Sandro Botticelli, a Florentine, painted several versions of the theme of the Adoration of the Magi. The Magi, or wise men, were particularly venerated in Florence, as one of the city's leading religious confraternities was dedicated to them. The members of the confraternity took part in pageants organized every five years, when the journey to Bethlehem of the Magi and their retinue, often numbering in the hundreds, was re-enacted through the streets of Florence.
The Washington Adoration was probably painted in Rome, where Pope Sixtus IV had called the artist to fresco the walls of the Sistine Chapel, along with other leading Florentine masters of the day. Botticelli's linear and decorative Adoration is set in the ruin of a classical temple instead of a humble stable. This setting emphasizes the belief that Christianity arose from the ruins of paganism, and suggests a continuity between ancient and Christian philosophy.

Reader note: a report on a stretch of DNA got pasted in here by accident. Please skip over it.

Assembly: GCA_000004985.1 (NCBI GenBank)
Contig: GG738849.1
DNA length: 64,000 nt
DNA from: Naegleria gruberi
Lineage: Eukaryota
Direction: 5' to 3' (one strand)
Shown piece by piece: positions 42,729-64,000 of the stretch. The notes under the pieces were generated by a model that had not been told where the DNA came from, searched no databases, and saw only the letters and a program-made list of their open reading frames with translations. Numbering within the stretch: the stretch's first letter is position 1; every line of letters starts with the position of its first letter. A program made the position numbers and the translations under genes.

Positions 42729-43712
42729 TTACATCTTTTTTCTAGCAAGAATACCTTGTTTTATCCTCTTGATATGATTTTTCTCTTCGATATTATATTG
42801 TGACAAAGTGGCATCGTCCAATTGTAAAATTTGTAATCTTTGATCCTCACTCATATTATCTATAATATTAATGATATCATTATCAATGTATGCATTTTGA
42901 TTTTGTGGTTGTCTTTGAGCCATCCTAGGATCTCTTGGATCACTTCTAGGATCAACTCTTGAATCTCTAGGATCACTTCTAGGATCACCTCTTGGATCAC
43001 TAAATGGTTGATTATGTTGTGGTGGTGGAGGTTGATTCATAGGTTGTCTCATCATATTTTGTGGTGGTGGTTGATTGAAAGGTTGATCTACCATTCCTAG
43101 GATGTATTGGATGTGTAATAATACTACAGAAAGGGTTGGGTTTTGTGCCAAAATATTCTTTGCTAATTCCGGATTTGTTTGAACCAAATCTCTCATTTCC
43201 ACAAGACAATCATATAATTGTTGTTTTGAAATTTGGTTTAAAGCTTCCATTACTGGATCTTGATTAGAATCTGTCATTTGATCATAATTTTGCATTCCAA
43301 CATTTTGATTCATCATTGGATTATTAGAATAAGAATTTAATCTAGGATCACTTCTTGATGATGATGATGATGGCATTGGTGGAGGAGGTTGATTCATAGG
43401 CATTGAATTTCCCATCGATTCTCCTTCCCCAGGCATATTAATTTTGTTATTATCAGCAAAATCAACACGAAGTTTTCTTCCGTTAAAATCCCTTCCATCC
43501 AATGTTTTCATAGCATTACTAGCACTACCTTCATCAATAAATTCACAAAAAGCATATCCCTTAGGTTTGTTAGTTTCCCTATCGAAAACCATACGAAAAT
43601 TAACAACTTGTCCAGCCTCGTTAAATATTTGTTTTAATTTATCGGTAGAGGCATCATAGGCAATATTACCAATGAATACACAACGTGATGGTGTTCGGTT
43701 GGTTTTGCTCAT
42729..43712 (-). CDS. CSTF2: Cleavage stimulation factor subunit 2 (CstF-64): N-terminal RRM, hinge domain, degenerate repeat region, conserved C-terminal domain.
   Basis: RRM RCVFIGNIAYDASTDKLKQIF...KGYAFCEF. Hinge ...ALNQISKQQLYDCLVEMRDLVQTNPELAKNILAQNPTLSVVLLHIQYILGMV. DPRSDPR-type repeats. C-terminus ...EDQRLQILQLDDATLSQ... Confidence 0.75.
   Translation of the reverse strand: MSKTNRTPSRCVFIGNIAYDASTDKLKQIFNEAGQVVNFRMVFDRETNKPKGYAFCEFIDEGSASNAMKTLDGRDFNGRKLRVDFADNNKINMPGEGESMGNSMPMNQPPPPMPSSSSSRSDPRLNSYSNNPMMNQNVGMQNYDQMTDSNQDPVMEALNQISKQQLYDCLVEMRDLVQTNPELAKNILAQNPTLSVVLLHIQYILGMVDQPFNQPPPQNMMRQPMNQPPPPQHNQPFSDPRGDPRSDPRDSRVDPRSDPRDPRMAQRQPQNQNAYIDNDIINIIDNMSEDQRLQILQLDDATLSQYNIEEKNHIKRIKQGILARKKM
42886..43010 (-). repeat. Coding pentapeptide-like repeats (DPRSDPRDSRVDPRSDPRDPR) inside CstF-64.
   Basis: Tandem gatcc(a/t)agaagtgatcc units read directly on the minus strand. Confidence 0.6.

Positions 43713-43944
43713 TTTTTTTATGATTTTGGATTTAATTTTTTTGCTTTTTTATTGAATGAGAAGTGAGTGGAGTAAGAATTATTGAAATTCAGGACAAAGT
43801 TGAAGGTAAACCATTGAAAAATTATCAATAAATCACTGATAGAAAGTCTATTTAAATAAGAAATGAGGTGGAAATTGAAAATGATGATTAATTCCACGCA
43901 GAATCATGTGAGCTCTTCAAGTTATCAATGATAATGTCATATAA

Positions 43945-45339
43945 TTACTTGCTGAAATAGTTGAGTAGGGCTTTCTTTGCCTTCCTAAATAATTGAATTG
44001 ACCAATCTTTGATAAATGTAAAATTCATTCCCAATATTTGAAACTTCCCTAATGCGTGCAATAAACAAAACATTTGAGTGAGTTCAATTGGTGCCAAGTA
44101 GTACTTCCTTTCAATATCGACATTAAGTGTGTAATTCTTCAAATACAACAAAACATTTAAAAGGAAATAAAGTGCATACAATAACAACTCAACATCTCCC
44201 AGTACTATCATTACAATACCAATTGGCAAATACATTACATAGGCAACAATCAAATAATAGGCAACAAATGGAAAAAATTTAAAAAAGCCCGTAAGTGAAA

Earlier Renaissance paintings of this theme, such as the Gallery's tondo by Fra Angelico and Fra Lippi, emphasize the pomp and pageantry of the scene. As painted by Botticelli in this late version, the religious aspect is stressed. Each figure is an expression of piety, the postures of their hands and bodies revealing devotion, reverence and contemplation on the divine mystery before them.